While Michael Vu can take the heat, he isn’t willing to let his employees get flamed.
On the morning of Thursday, June 30, the Hanoi 36 chef and owner knew it was going to be a busy day. With another scorcher (40 C) in the forecast, the Salmon Arm restaurateur posted a polite request on the Hanoi 36 Facebook page, that customers please be patient with staff, “as it’s a very hot day and they’re trying their best!”
Not everyone got the message.
Sure enough, like the evening before, the heat once again brought diners out in droves. In the span of two-and-a-half hours, Vu and his staff served about 100 customers.
“For the two hottest days of the year, we were absolutely full,” said Vu. “We had line-ups outside the door, the phone was ringing non-stop.”
Vu said at one point, the restaurant’s online ordering system was turned off to focus on in-house diners.
During the June 30 rush, a group of seven people showed up, without reservations, for dinner. Vu said they were seated and it was explained, in advance, that with large groups there is an automatic gratuity added to the bill.
After their meals, Vu said members of the group disputed having to pay the gratuity as they were dissatisfied with their service.
“They said the food was great but the service was terrible,” said Vu.
Later that evening, Vu learned someone from the group had shared their criticisms in a negative review on the internet.
While he recognized mistakes were made, Vu couldn’t let his young servers, both working their first jobs, take the heat. That night he once again took to the Facebook page, this time to defend his staff.
Vu said he and his wife planned to have a staff meeting after the shift to discuss what had happened with the large group. But when he looked at his servers’ exhuasted, hungry faces, he thought better of it, and instead did the Facebook post.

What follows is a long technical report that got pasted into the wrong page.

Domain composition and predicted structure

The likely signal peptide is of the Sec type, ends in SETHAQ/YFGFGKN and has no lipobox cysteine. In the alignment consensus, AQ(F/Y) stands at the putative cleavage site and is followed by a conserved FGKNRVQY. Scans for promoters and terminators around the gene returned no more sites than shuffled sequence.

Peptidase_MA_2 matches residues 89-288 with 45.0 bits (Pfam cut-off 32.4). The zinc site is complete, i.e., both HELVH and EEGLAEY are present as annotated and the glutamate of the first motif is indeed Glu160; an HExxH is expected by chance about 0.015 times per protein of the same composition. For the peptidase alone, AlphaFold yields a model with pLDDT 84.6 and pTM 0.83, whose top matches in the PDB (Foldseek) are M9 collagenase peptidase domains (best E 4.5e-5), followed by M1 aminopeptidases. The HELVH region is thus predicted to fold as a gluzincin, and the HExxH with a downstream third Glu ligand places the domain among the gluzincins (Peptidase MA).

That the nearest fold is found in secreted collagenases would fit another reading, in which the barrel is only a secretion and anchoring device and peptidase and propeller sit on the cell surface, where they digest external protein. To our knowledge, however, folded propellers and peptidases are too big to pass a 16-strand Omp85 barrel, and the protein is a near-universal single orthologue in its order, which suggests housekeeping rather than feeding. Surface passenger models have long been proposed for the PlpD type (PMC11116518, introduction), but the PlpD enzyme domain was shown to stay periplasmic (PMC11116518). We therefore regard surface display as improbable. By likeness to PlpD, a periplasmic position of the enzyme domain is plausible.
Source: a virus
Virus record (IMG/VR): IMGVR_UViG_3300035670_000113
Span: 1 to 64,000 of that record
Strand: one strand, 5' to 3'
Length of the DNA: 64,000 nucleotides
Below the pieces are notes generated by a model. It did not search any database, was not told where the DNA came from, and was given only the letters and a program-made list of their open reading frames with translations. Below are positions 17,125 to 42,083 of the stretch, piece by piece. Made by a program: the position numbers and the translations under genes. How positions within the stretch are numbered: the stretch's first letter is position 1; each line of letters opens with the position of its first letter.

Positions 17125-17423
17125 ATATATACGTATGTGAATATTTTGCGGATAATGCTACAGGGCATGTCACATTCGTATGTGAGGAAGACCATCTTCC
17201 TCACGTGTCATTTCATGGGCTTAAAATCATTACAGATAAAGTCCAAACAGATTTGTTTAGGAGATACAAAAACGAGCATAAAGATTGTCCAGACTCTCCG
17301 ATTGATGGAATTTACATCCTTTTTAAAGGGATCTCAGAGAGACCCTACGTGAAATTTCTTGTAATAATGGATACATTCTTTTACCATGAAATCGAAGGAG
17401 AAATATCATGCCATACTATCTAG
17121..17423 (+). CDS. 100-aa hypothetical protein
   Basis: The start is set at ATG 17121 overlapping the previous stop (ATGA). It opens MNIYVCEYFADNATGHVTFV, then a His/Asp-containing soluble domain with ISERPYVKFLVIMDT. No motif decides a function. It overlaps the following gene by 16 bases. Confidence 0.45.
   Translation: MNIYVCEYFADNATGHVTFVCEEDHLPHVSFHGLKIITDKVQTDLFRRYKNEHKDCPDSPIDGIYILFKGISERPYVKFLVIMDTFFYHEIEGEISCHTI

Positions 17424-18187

“I said, ‘Guys come here. Before I make this post, I’m going to read it to you, because I want you to know that no matter what mistakes were made, I’m very proud of you and you should be proud of yourself,’” said Vu.
“I took that route because it’s more important to instill confidence in young people, working people, so that they can continue to try. And they know mistakes were made… But there should be somebody to tell them it’s OK.”
Hundreds have since responded to Vu’s impassioned post, sharing their love and support.
Vu stressed this was not about self-promotion, but about doing what’s right.
“As a businessman, I understand we do have a reputation to uphold,” said Vu. “If we did apologize for something that was wrong, then things like that would just manifest, and you would always get somebody feeling that, no matter what they do, they’re always correct. It is not my job to correct them, but it is my job to defend the working people.”
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